Windows 8 TabletBooks: Hybrids Microsoft's Only Shot Against the iPad

If you’re going to completely re-imagine your operating system with a new touch-friendly interface, you had better pair it with hardware that gets people excited about upgrading. And that’s exactly what Microsoft’s partners have done with a wave of new devices hitting shelves this fall. The big theme? Hybrids. Lots and lots of hybrids.

By combining touch screens with physical keyboards, everyone from Acer and ASUS to Samsung and MSI is banking on consumers wanting a tablet and laptop in one device. I'm calling them TabletBooks. And as evidenced by the slew of combos on parade this week at Computex, there’s plenty of variety within this combo category. Some designs let you detach the slate from a dock, while others will sport sliding mechanisms. Then there are Windows 8 Ultrabooks with screens that flip backward so you can give presentations or use them as slates.

We know what you’re thinking: Didn’t convertibles tank last time around? Indeed they did. But there are a few key reasons why things should be different for TabletBooks.

  1. Windows 8 is optimized for touch. The reasoning is that even those users who prefer a clamshell design will want to touch the screen. Yes, touchpad gestures will mirror a lot of that, but it’s not the same as interacting directly with that game or photo gallery.
  2. Today’s designs are a lot thinner and lighter than the convertibles of yesteryear. For example, back in 2003 HP’s Compaq Tablet PC TC1100 weighed 4 pounds with its keyboard attached and was 0.8 inches thick. Today’s ASUS’ Taichi Ultrabook-tablet weighs less than 3 pounds and is 0.4 inches thick. And that’s with two screens—one on the front and one on the back.
  3. People want keyboards. According to a recent NPD Group study, 40 percent of those who were planning to buy a tablet expressed interest in a hardware keyboard, and most of those shoppers said they wanted the keyboard fully integrated. “Consumers want keyboards to use with their tablets,” said Stephen Baker, NPD’s vice president of industry analysis.

But if that’s the case, why does Apple control 68 percent of the tablet market with a slate form factor? Why aren’t most tablet buyers acting on their desire for a keyboard? Part of it is because of the simplicity and portability of the iPad; especially when paired with a Smart Cover, typing is a pretty decent experience on Apple’s tablet. Plus, there’s a ton of sleek after-market keyboards available at affordable prices, such as Logitech’s Ultrathin Keyboard Cover.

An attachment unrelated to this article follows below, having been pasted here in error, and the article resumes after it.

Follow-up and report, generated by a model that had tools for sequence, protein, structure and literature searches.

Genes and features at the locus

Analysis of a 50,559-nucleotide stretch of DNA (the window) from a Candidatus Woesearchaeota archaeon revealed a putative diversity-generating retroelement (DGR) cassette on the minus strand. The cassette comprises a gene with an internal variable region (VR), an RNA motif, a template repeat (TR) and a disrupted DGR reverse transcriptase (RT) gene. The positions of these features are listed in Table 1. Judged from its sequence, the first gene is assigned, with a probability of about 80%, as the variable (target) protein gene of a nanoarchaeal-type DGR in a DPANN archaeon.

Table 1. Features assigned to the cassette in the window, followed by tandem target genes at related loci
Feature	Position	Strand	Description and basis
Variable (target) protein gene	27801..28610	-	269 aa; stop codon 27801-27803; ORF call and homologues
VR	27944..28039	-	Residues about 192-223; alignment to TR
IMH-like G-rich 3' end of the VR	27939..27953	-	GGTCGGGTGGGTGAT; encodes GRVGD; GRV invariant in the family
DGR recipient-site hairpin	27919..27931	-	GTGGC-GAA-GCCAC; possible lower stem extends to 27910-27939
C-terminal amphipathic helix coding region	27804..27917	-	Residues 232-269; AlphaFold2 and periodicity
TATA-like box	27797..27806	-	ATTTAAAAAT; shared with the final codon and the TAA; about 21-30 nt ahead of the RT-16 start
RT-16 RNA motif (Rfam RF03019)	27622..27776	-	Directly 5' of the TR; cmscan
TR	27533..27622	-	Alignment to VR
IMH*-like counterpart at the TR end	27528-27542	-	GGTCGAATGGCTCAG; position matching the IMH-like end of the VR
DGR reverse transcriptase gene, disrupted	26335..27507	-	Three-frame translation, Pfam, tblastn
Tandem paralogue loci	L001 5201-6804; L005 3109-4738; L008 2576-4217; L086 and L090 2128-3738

“While it is good for PC makers to create convertibles and combos, they do tend to add cost versus buying a keyboard accessory for a tablet—all of those are almost always under $100,” Baker said.

But there’s a much bigger reason many shoppers haven’t acted on their desire for the tablet to have a keyboard out of the box. Android and iOS simply weren’t designed with this kind of input in mind. Windows 8 actually works best with both a keyboard and touch screen. For example, you can start searching for apps, files and anything on the Web right from the Start screen just by typing, then tap the results. There are also dozens of helpful keyboard shortcuts built into the OS, such as Windows logo key + C for activating the Charms menu and Windows + Z for opening the app bar, great when you’re working in clamshell mode.

This new breed of hybrid does involve some trade-offs. The first is price. For example, a convertible such as the Lenovo IdeaPad Yoga will cost about $1,000, which is reasonable for a Core i5 Ultrabook with touch input. But that’s also twice the cost of the iPad. On the plus side, Windows RT tablets should be cheaper than Ultrabooks with touch screens, in the $500-to- $700 range.

That brings us to another potential pain point: confusion surrounding the different versions of Windows. Some hybrid designs will run the full version of Windows 8, which means users will be able to run both desktop apps and touch-friendly Metro apps purchased from the Windows Store. TabletBooks powered by Windows RT will be able to run only Metro apps, though there will be a Metro version of Office.

There are plenty of reasons to be skeptical about Windows 8 TabletBooks taking off, not the least of which is Microsoft’s track record. “Consumers have not seen value in having convertibles in the past,” stressed Baker. “We will have to see if Windows 8 and Win RT change that viewpoint.”

However, Microsoft’s software alone will not change consumers’ minds. It will require the one-two punch of Windows 8 and innovative designs that truly make the most of the OS. The ambitious devices shown at Computex prove that the PC as we know it is dead—and that’s a very good thing.

Editor-in-chief Mark Spoonauer directs LAPTOP’s online and print editorial content and has been covering mobile and wireless technology for over a decade. Each week Mark’s SpoonFed column provides his insights and analysis of the biggest mobile trends and news. You can also follow him on twitter.

Mark Spoonauer
Responsible for the editorial vision for, Mark Spoonauer has been Editor in Chief of LAPTOP since 2003 and has covered technology for nearly 15 years. Mark speaks at key tech industry events and makes regular media appearances on CNBC, Fox and CNN. Mark was previously reviews editor at Mobile Computing, and his work has appeared in Wired, Popular Science and Inc.